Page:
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Kenya's parliament has ordered an inquiry into allegations of sexual abuse on tea plantations revealed in a BBC report.
Lawmaker Beatrice Kemei said she watched the report with "utter shock".
The BBC found more than 70 women had been abused by their managers at plantations operated, for years, by two British companies, Unilever and James Finlay.
The companies say they are shocked by the allegations. Four managers have been suspended.
The Fairtrade Foundation described the allegations as "appalling", and said the investigation - by BBC Africa Eye and BBC Panaroma - were "nothing less than a #MeToo moment for tea".
Ms Kemei, who serves as woman representative for a tea-growing area in Kericho county, said the report highlighted the "entrenched" sexual harassment at "tea multinationals operating in our country".
MP Beatrice Elachi said it was unfortunate that such incidents were still taking place.
"Today is a very difficult day for me as a woman, leader and citizen of Kenya. Today I've been reminded that slavery still exists in this nation; I cannot explain how a man has violated women in tea plantations for 30 years and nothing has been done," she was quoted by local media as saying.
Deputy Speaker Gladys Shollei ordered a committee of MPs to complete an investigation into the allegations within two weeks.
In the BBC investigation, one woman said she had been infected with HIV by her supervisor, after being pressured into having sex with him.
Another woman said a divisional manager stopped her job until she agreed to have sex with him.
"It is just torture; he wants to sleep with you, then you get a job," she said.
A BBC undercover reporter, who posed as a jobseeker, was invited to a job interview by a recruiter for James Finlay & Co.
It turned out to be in a hotel room, where she was pinned against a window and asked to undress by the recruiter, who has worked on Finlay's plantations for more than 30 years, and had already been flagged as a "predator" by a number of women who spoke to the BBC.
"I'll give you some money, then I'll give you a job. I have helped you, help me," he said.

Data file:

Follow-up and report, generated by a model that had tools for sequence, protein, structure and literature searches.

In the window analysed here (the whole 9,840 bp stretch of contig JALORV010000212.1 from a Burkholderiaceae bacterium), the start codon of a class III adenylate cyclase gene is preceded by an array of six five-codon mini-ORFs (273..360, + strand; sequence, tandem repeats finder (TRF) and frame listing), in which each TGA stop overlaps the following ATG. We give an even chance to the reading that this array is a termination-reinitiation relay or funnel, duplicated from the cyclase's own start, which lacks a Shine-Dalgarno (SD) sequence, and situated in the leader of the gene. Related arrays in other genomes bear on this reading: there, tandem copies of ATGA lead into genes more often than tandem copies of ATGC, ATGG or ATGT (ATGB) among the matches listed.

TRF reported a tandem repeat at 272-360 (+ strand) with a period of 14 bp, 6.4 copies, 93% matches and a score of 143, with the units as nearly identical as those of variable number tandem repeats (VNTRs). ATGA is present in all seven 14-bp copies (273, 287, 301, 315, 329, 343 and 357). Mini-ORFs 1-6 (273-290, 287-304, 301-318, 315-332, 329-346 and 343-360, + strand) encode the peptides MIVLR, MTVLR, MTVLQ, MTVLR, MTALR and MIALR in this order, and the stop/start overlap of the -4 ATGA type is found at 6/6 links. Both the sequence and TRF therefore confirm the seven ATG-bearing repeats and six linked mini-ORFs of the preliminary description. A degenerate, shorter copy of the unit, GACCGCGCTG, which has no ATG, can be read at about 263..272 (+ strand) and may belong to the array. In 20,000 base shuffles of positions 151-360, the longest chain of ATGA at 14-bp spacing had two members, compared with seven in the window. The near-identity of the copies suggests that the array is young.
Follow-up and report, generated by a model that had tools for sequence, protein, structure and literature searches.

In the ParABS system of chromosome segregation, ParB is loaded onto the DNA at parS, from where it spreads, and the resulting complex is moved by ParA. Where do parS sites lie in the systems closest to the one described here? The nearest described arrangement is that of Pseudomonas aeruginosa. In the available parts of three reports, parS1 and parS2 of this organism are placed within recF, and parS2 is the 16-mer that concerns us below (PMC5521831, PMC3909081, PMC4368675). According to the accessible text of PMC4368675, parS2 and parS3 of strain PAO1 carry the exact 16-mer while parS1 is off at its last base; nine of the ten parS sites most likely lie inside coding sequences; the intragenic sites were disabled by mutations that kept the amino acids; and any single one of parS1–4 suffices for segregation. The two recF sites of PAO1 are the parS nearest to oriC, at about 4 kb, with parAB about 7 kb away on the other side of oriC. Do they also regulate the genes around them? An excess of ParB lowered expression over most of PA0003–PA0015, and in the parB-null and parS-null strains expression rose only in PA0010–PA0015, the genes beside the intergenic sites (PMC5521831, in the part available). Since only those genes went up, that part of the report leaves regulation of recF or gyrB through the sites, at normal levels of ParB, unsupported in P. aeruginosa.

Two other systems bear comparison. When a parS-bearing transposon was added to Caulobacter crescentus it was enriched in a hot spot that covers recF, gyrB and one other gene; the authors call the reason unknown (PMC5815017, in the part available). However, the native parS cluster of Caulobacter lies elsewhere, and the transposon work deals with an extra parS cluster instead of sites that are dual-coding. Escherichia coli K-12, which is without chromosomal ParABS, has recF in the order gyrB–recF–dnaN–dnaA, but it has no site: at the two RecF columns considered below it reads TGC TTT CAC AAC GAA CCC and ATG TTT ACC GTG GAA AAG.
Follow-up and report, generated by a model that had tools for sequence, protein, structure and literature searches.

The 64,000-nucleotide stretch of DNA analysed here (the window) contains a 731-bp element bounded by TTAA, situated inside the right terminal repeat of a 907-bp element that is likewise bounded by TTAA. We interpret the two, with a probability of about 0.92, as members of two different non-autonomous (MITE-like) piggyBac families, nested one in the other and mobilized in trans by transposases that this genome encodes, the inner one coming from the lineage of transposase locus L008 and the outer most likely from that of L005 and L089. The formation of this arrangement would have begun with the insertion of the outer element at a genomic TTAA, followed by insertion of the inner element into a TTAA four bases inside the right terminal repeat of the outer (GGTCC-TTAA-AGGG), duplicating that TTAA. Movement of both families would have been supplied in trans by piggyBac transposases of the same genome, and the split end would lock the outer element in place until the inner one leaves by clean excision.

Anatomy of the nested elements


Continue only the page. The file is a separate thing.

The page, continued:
"We'll lie down, finish and go. Then you come and work."
Unilever faced similar allegations more than 10 years ago and launched a "zero tolerance" approach to sexual harassment as well as a reporting system and other measures, but the BBC found evidence that allegations of sexual harassment were not being acted on.
The BBC's Tom Odula spoke to women who worked on tea farms run by both companies. A number told him that because work is so scarce, they are left with no choice but to give in to the sexual demands of their bosses or face having no income.
British supermarket chain Tesco said it takes the allegations "extremely seriously" and is in "constant dialogue" with Finlay's to ensure "robust measures" are taken.
In response to the BBC investigation, Sainsbury's, another supermarket chain, said: "These horrific allegations have no place in our supply chain."
On Monday, it issued a revised, updated statement saying it will "take robust action to safeguard workers" in its "tea supply chain."
Starbucks also issued a statement on Monday, saying it was "deeply concerned" and has taken "immediate action" to suspend purchasing from James Finlay & Co in Kenya.
James Finlay & Co said it had suspended the manager, and had reported him to the police. It was investigating whether its Kenyan operation has "an endemic issue with sexual violence", the company added.
Unilever said it was "deeply shocked and saddened" by the allegations. The company sold its operation in Kenya while the BBC was secretly filming.
The new owner, Lipton Teas and Infusions, said it had suspended two managers, and had ordered a "full and independent investigation".
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